The parts are shown at the instant that the main piston 3 has reached its lower limit of travel, and it is assumed that the finished article formed by the previous pressing operation has been removed from the machine. A fresh metal sheet l l is placed in position within the space between the die strips 1. The operator then causes the rod 42 of the four-way valve tobe moved to the left, causinghigh pressure fluid to be introduced into the pipe 3|. As the pressure below the main piston increases, the plunger l-B will rise and will carry the wing members l5 upwardly together with the clamping cylinders l6. These cylinders have been previously filled with fluid through the conduit 43 and the check valves 44. Consequently, as the cylinders move side of the piston 9. At the same time the space in front of the piston is in communication with the tank through the pipes 3-l 29, the choke valve 39 and the pipe 30. The choke valve 39 is for the purpose of limiting the rate at which the fluid is exhausted from the front side of the main piston during thed-ownward movement of that piston.

As the plunger 10 moves downwardly, due to the pressure fluid passing through the pipe 32, it carries with it the punch l3 and the wings IS. The cylinders l6 carried by the wings also move downwardly, which tends to reduce the pressure tion with the high pressure side of the pump tireless there is suflicient pressurestill exercised through the flexible pipes 34, and further that the only way the fluid can escape is through the relief valves 31 which are set to operate onlyabove a predetermined pressure. Consequently, while the pressure is reduced to some extent by the.

movement downwardly of the cylinders l6, neveron the plungers l8 tomaintain sumcient clamping effect between the plates 5 and 19 when the punch 13 breaks contact with the formed metal article. As the plunger l0 continues its downward. movement the cylinders l6 travel downwardly a corresponding distance, which eventual ly will reduce the pressure of the contained fluid j to such a value as to permit the plate l9 to descend of its own weight. Such a condition is under the direct control of the adjustments accorded-the relief valves 31, and preferably takes place only after the punch 13 has moved an appreciable distance away from the work.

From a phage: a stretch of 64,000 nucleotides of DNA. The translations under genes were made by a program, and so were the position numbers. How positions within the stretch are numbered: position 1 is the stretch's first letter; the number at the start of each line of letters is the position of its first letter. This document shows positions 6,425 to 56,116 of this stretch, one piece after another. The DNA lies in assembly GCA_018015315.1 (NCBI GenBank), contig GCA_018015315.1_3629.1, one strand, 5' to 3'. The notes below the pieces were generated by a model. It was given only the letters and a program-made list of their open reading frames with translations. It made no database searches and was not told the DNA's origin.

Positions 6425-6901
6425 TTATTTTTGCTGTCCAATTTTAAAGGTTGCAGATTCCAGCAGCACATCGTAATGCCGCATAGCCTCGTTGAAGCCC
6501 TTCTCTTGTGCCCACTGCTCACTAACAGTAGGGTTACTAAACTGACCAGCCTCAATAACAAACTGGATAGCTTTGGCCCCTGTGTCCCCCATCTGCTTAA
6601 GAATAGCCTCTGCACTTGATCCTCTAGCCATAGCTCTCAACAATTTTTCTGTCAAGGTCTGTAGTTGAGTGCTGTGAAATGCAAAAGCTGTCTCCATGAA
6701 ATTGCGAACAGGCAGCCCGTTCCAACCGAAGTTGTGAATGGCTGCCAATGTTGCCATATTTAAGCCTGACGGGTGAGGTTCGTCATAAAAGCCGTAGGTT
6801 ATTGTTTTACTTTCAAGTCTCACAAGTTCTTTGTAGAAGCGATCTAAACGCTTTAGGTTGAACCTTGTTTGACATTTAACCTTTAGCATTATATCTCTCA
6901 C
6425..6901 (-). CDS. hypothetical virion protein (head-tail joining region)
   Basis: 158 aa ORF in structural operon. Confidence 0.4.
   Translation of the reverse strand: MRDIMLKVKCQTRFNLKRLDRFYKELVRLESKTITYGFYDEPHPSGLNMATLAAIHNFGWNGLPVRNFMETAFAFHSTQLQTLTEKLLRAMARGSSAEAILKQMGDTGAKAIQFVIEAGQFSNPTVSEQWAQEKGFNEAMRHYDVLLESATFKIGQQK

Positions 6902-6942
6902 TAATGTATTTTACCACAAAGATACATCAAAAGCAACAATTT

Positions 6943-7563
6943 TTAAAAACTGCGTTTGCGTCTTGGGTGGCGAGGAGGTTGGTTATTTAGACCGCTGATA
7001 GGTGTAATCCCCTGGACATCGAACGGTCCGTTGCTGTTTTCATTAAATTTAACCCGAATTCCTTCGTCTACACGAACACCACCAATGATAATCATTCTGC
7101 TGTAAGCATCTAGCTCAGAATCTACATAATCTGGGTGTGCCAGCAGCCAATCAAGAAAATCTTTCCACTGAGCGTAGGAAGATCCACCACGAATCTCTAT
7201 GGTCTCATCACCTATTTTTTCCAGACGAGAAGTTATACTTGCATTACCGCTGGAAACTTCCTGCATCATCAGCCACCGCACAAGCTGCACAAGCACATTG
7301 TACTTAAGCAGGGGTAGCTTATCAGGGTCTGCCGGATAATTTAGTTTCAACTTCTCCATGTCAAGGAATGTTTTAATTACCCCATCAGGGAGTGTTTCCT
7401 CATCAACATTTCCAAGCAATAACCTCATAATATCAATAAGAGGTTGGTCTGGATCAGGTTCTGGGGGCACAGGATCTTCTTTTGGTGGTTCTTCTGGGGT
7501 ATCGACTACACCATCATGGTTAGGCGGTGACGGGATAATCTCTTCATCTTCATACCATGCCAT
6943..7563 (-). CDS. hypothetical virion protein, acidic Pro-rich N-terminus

' Thus it is evident that clamping pressure is assured at atime prior to when the punch l3 contacts the metal sheet during the working stroke and is also maintained for a suflicient length of with respect to the plungers 18 the fluid within time after the punch starts to descend. It is further apparent that the time relation between these clamping. effects and the movement of the punch can be accurately correlated and adjusted by proper control of the pressure relief valves 31.; The adjustment of'these valves also I affects the intensity'oi the clamping force so that special and local clamping effect can be obtained,

plunger in each of said cylinders, a punch carried by the plunger in the pressing cylinder and adapted to move upwardly against the metal sheet which is to be formed into the article, the clamping cylinder being secured to the plunger of the pressing cylinder, a clamping plate secured to the metal sheet in position during the pressing operation, and means for applying pressure fluid separately to the lifting side of the plungers in the main and clamping cylinders respectively whereby the punch is caused to contact with the metal sheet and the plunger in the clamping cylinder moves upwardly to move the clamping plate into clamping position.

2. Ahydraulic press for fabricating articles out of sheet metal, said press comprising a main pressing cylinder and a plurality of clamping cylinders symmetrically arranged about the pressing plunger of the clamping cylinder for holding the cylinder, a plunger in each of said cylinders, a